I think my question is very simple but every search in the web shows me results about SQL indexing.
I use the following SQL query to create a simple table:
CREATE TABLE SpeechOutputList
ID int NOT NULL IDENTITY(1,1),
SpeechConfigCode nvarchar(36) NOT NULL,
IsPrimaryOutput bit DEFAULT 0,
ON UPDATE CASCADE ON DELETE CASCADE
Trying to keep such an index field sequential, and without gaps, will not be efficient. If for instance a record is removed, you would need to have a trigger that renumbers the records that follow. This will take not only extra time, it will also reduce concurrency.
Furthermore, that index will not be a stable key for a record. If a client would get the index value of a record, and then later would try to locate it again by that index, it might well get a different record as a result.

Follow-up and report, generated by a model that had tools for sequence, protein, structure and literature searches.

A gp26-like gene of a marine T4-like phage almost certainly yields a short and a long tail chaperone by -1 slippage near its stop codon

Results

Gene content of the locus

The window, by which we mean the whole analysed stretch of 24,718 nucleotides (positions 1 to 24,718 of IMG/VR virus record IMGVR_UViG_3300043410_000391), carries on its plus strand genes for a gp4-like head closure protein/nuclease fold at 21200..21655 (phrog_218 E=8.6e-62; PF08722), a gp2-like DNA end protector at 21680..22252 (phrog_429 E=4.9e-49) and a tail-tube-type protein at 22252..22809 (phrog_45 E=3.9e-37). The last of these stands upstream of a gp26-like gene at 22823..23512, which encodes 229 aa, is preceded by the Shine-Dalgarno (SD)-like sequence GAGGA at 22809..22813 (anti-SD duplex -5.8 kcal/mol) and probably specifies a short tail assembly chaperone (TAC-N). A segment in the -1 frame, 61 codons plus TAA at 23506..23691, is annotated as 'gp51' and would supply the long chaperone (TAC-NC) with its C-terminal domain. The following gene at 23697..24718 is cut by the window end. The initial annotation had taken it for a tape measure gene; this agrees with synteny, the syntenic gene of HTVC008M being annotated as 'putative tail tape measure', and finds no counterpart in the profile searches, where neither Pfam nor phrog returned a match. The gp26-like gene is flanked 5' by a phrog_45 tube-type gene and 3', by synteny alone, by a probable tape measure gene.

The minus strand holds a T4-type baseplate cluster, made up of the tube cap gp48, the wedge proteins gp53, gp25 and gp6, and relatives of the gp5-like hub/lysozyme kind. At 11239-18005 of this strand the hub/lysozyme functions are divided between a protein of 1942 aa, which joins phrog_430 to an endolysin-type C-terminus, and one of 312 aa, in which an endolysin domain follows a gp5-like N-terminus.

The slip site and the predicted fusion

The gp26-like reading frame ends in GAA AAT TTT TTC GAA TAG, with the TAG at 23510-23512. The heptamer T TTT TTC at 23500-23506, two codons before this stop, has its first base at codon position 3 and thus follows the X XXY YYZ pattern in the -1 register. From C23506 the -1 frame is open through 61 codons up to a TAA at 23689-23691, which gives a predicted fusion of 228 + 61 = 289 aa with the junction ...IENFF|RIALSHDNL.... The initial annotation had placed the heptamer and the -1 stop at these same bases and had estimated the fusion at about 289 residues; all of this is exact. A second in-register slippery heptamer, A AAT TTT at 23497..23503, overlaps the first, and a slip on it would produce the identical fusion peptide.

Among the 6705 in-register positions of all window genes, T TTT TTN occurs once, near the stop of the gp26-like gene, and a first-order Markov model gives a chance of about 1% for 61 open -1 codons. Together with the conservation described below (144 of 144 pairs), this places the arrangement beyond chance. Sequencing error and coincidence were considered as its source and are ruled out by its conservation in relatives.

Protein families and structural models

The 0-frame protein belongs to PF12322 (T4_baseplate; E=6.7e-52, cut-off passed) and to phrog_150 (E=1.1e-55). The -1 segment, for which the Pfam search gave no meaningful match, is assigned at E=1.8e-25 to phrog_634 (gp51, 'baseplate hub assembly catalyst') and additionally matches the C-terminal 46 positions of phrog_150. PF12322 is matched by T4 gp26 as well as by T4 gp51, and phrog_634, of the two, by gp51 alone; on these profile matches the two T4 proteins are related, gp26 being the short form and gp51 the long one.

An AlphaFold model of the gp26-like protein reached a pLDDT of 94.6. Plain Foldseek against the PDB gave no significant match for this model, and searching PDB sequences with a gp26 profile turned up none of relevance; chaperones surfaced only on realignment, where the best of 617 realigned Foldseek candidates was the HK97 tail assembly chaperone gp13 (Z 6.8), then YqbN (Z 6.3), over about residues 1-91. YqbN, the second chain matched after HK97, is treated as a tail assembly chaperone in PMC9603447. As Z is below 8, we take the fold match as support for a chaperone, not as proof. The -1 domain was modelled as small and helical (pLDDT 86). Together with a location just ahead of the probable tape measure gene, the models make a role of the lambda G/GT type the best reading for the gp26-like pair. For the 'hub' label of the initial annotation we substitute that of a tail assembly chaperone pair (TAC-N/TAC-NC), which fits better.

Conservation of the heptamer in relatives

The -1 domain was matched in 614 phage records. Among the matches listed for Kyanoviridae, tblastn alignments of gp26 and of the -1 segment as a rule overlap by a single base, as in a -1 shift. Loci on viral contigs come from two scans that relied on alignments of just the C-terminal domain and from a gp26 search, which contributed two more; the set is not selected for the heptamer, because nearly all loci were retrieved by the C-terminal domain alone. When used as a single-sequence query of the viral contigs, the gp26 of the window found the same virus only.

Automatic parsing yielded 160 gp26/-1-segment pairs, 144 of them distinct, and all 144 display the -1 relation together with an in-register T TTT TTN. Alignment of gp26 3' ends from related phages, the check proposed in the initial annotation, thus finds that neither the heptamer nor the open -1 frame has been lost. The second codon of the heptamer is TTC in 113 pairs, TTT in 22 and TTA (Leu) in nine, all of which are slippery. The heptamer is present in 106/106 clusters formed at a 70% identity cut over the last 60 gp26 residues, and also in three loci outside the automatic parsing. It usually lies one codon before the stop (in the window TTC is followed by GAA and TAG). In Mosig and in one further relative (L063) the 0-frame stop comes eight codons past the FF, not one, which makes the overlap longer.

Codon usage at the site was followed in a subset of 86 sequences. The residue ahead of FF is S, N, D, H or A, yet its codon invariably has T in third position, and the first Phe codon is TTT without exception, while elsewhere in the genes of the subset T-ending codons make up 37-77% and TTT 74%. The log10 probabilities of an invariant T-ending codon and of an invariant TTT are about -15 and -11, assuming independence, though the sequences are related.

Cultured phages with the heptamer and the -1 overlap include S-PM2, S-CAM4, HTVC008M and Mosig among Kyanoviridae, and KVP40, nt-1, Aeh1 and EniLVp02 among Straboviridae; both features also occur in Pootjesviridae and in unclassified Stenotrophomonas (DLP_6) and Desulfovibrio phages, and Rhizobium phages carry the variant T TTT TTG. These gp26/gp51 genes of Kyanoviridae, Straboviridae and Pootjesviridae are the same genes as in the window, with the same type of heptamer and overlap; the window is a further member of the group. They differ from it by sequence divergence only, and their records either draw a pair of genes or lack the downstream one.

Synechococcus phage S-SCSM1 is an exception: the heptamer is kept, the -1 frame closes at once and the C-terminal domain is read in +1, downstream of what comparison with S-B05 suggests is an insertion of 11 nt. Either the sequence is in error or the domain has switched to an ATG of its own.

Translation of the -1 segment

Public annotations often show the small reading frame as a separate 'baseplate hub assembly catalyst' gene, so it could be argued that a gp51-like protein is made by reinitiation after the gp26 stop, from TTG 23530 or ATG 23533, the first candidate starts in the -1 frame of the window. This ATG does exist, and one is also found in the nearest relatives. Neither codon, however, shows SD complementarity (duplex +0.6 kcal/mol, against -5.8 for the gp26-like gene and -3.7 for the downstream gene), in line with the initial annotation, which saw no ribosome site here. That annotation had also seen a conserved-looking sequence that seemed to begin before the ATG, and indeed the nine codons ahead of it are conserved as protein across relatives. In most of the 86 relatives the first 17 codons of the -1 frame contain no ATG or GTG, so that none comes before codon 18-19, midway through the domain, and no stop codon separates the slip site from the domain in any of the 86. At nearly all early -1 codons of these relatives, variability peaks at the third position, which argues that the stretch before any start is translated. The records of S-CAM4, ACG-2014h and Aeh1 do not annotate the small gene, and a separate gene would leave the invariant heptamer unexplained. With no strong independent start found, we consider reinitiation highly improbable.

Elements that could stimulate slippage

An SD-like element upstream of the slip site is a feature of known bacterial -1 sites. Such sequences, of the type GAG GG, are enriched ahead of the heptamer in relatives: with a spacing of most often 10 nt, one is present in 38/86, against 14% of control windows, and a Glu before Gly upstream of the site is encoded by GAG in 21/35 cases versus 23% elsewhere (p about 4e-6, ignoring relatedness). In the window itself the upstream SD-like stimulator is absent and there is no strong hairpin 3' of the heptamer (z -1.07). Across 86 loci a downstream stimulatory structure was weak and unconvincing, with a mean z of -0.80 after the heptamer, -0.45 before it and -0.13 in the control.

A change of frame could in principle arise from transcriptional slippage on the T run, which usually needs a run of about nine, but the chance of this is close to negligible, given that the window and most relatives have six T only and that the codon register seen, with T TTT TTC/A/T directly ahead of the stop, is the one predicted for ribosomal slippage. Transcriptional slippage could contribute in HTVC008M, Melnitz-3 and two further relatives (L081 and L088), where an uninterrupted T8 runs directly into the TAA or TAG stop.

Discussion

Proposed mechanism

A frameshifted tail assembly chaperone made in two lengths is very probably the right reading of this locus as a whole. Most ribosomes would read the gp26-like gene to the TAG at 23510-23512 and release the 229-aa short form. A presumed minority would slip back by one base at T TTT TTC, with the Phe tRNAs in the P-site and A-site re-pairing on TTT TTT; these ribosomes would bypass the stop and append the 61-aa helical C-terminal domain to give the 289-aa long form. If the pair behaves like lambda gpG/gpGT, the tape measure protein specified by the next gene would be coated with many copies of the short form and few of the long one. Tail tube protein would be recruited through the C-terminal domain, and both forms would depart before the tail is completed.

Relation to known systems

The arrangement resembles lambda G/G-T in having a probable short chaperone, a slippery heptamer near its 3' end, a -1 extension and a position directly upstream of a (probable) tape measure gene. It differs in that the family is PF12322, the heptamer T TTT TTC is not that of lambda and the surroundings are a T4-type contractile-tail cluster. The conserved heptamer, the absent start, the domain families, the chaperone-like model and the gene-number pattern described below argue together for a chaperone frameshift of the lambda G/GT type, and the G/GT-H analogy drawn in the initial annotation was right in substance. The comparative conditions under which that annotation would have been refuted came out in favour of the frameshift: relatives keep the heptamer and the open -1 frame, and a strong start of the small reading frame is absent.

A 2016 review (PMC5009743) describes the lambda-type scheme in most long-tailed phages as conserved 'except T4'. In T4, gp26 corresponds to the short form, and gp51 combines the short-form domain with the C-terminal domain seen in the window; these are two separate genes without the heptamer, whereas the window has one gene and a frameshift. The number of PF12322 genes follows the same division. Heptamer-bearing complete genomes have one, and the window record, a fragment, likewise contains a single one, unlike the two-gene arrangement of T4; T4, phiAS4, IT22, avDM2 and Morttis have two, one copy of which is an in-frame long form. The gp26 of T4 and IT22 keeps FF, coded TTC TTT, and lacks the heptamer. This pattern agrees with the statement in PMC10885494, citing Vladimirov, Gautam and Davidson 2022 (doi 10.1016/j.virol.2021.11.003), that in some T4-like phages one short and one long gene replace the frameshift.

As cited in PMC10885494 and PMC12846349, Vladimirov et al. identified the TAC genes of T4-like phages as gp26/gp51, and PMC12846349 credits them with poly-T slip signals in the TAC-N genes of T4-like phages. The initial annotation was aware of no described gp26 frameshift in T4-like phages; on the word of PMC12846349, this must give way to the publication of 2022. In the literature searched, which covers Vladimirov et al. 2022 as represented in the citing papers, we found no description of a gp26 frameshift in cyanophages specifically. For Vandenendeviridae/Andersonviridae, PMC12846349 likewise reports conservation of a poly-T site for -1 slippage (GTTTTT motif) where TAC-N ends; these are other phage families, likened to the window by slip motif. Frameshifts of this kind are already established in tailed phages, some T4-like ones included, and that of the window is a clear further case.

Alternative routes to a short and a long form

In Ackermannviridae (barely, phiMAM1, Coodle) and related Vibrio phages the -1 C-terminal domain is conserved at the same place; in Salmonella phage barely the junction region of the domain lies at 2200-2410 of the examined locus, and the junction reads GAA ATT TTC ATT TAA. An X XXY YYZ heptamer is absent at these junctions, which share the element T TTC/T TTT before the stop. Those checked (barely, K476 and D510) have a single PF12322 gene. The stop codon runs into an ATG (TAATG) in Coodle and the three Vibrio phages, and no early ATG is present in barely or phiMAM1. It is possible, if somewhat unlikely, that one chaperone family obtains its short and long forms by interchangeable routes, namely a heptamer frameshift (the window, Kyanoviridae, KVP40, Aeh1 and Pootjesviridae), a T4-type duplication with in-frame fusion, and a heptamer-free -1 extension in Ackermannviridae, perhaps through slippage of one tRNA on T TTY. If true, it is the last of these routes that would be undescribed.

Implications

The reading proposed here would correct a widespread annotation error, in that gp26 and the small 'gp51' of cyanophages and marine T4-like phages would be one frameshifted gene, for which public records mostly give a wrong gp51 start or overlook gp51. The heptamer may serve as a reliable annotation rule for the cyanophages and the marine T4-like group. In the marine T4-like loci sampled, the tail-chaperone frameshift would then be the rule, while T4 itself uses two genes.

If you still believe such an index is useful, I would suggest to create a view that will add this index on-the-fly:
CREATE VIEW SpeechOutputListEx AS SELECT ID, SpeechConfigCode, OutputSentence, IsPrimaryOutput, ROW_NUMBER() OVER (ORDER BY ID ASC) AS idx FROM SpeechOutputList
This will make it possible to do selections, like:
SELECT * FROM SpeechOutputListEx WHERE idx = 5
To make an update, with a condition on the index, you would take the join with the view:
UPDATE s SET OutputSentence = 'sentence' FROM SpeechOutputList s INNER JOIN SpeechOutputListEx se ON s.ID = se.ID WHERE idx = 5
You explained in comments that the order should indicate whether a sentence is primary.
For that purpose you don't need the view. You could add a column
idx, that would allow gaps. Then just let the user determine the value of the
idx column. Even if negative, that would not be an issue. You would select in order of
idx value and so get the primary sentence first.
If a sentence would have to be made primary, you could issue this update:
update SpeechOutputList set idx = (select min(idx) - 1 from SpeechOutputList) where id = 123